…Spenser applies his usual skills (one part muscle flexing to three parts snappy repartee) to a case in which mobsters and movie people figure prominently. But Parker's real coup in this novel is introducing us to Zebulon Sixkill, the athletically gifted Cree Indian Spenser rescues from a demeaning job as Jumbo's "driver, booze buddy and pimp." It's too sad to think about the further adventures these two might have had…
The New York Times
This novel arrives as a bittersweet gift: Sixkill is Robert B. Parker's 39th Spenser novel, but it is also his final work; its author having died in January 2010. The crisp precision and ear-perfect dialogue of this thriller will redouble readers' sense of loss. As always, Parker poses questions about both motivations and the identity of culprit. In this case, Spenser's search for the truth behind a case of rape and murder entangles him in the lives of a chronically misbehaving actor and his Native American bodyguard, whose last name gives this fiction its title. One mystery author everyone should know.
An intriguing new supporting character and the usual entertaining dialogue lift the 39th and, sadly, last Spenser novel (after Painted Ladies) from MWA Grand Master Parker (1932–2010). When 20-year-old Dawn Lopata expires of apparent asphyxiation after having sex with megamovie star Jumbo Nelson in his hotel room, Spenser's best friend in the Boston PD, Capt. Martin Quirk, arranges for Nelson's defense attorney to hire Spenser. Though it appears the obnoxious Nelson killed Lopata, Quirk has his doubts. Spenser's initial attempt to get Nelson to talk about what happened ends in mutual threats and insults. While the truth about the fatal night takes a backseat for too long to make the resolution satisfying, the scenes featuring Spenser's longtime love interest, Susan Silverman, are as snappy as ever. Zebulon "Z" Sixkill, the actor's American Indian bodyguard with whom the PI develops an unexpected relationship, would probably have gotten more play in future books had Parker lived to write them. (May)
Parker's final Spenser book is a reminder of just how much we'll miss the beloved crime writer, who died in January 2010. Zebulon Sixkill, a Cree Indian whose college football career was sidetracked by the love of a bad woman, is the bodyguard for Jumbo Nelson, a (physically) huge movie star working in Boston. Jumbo's outsized appetites leave a young woman dead, and with Z the only potential witness, Jumbo's guilt or innocence becomes an open question. When Jumbo fires Z, Spenser takes him in and refines Z from an intimidating presence to a genuinely dangerous man. When Spenser tells Susan Silverman, "I know what I like and what I don't like, and what I'm willing to do and what I'm not, and I try to be guided by that," readers couldn't ask for a better epitaph for Spenser and Parker. [See Prepub Alert, 11/1/10.]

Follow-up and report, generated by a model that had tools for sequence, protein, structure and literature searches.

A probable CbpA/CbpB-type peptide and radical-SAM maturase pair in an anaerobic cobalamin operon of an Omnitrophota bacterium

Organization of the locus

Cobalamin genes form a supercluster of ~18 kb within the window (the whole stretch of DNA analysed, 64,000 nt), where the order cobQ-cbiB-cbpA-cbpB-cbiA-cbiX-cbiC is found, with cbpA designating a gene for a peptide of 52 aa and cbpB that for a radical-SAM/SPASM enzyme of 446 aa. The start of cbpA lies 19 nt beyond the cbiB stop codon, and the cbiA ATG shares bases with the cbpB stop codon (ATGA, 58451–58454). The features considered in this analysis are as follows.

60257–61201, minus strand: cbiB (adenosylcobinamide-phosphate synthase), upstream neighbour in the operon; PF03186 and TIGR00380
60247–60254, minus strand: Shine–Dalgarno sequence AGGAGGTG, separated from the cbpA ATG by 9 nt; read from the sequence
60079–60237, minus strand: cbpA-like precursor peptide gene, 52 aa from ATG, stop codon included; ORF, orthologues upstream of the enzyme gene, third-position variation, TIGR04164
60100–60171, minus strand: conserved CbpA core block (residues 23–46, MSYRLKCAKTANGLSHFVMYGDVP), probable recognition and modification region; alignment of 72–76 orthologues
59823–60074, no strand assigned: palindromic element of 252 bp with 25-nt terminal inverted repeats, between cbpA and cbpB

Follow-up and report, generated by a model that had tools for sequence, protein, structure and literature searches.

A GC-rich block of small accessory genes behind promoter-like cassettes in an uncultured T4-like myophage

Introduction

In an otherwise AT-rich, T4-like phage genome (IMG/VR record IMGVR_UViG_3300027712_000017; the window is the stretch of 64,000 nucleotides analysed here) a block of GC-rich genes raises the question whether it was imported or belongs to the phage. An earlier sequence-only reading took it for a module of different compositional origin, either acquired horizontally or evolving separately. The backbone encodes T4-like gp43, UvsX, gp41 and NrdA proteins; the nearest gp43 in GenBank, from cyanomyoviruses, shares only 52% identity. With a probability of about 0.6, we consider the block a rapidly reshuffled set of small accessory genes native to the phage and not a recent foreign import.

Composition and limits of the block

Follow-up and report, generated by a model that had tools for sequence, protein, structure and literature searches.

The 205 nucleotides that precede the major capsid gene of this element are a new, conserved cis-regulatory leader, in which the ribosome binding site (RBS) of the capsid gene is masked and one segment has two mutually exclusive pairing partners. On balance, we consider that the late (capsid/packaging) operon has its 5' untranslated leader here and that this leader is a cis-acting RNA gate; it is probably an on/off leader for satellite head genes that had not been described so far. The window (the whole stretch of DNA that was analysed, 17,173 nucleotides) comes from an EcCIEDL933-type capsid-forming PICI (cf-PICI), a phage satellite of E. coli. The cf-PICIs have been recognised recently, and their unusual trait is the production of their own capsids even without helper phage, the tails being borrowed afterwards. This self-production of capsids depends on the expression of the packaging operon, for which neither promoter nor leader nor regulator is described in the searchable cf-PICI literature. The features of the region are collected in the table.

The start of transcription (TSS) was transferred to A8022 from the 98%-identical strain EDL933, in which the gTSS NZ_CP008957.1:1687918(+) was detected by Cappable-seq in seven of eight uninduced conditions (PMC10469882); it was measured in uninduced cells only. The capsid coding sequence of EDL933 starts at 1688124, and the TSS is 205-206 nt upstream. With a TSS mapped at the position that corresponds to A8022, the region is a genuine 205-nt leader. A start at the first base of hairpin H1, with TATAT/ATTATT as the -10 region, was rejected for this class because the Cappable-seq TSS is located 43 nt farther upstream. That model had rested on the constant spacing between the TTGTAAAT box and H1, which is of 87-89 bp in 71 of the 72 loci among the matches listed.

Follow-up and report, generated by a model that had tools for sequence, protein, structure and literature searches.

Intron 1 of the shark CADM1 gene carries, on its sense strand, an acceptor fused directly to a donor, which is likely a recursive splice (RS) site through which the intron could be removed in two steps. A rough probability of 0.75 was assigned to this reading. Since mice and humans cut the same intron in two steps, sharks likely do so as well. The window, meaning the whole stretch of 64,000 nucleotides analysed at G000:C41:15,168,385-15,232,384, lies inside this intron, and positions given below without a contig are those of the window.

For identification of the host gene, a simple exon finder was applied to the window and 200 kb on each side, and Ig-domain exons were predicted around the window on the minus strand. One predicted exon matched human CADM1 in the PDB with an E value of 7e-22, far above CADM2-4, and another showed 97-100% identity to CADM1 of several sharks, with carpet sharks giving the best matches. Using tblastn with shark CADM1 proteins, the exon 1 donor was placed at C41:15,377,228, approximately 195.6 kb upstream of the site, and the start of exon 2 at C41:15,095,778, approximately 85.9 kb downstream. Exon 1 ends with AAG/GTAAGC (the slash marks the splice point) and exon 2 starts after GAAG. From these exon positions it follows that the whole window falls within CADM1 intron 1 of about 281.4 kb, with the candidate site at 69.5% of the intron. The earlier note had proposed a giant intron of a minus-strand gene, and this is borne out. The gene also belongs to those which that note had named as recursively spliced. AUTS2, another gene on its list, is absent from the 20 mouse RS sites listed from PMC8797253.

The mysterious death of a star-struck young woman who struck a star's fancy provides the basis for Spenser's valedictory outing.
One minute Dawn Lopata was alive in her hotel-room bed, the next she was dead, somehow strangled while she was in the bathroom. At least that's the story Jumbo Nelson tells. Since it's not much of a story, his movie studio hires Rita Fiore's Boston law firm to dig deeper, and Rita hires Spenser to do the real digging. The job's not easy, because among all of Spenser's checkered clientele (Painted Ladies,2010, etc.), Jumbo is the most repellent, a truculent brat who cares about nothing but his own oversized appetites. It's no surprise when he fires Spenser and Rita, leaving Spenser to work the case pro bono and giving him the potential to irritate some very influential people. The only bright spot is Jumbo's Cree bodyguard, Zebulon Sixkill. On their first encounter, Spenser and Z sniff around each other; on their second, Spenser thrashes Z. But Spenser breaks the mold when Z turns up asleep outside Spenser's office door, and Spenser takes him in and starts the one-time college-football star, whose back story is presented through a series of awkward flashbacks, on the road to redemption. As luck would have it, the road winds through some familiar areas: serving as a sparring partner, passing on crucial information about Dawn Lopata's last moments, backing up Spenser's play against the local thugs hired to beat him up, and cutting back on the sauce so that he'll be sharp enough to help deal with the inevitable tough guys from Hollywood who regard Jumbo as a cash cow whose value has to be maintained no matter what.
By no means as substantial or resourceful as Parker's best, but a treasurable demonstration of the bromide that "life is mostly metaphor"—at least to the peerless private eye and his fans.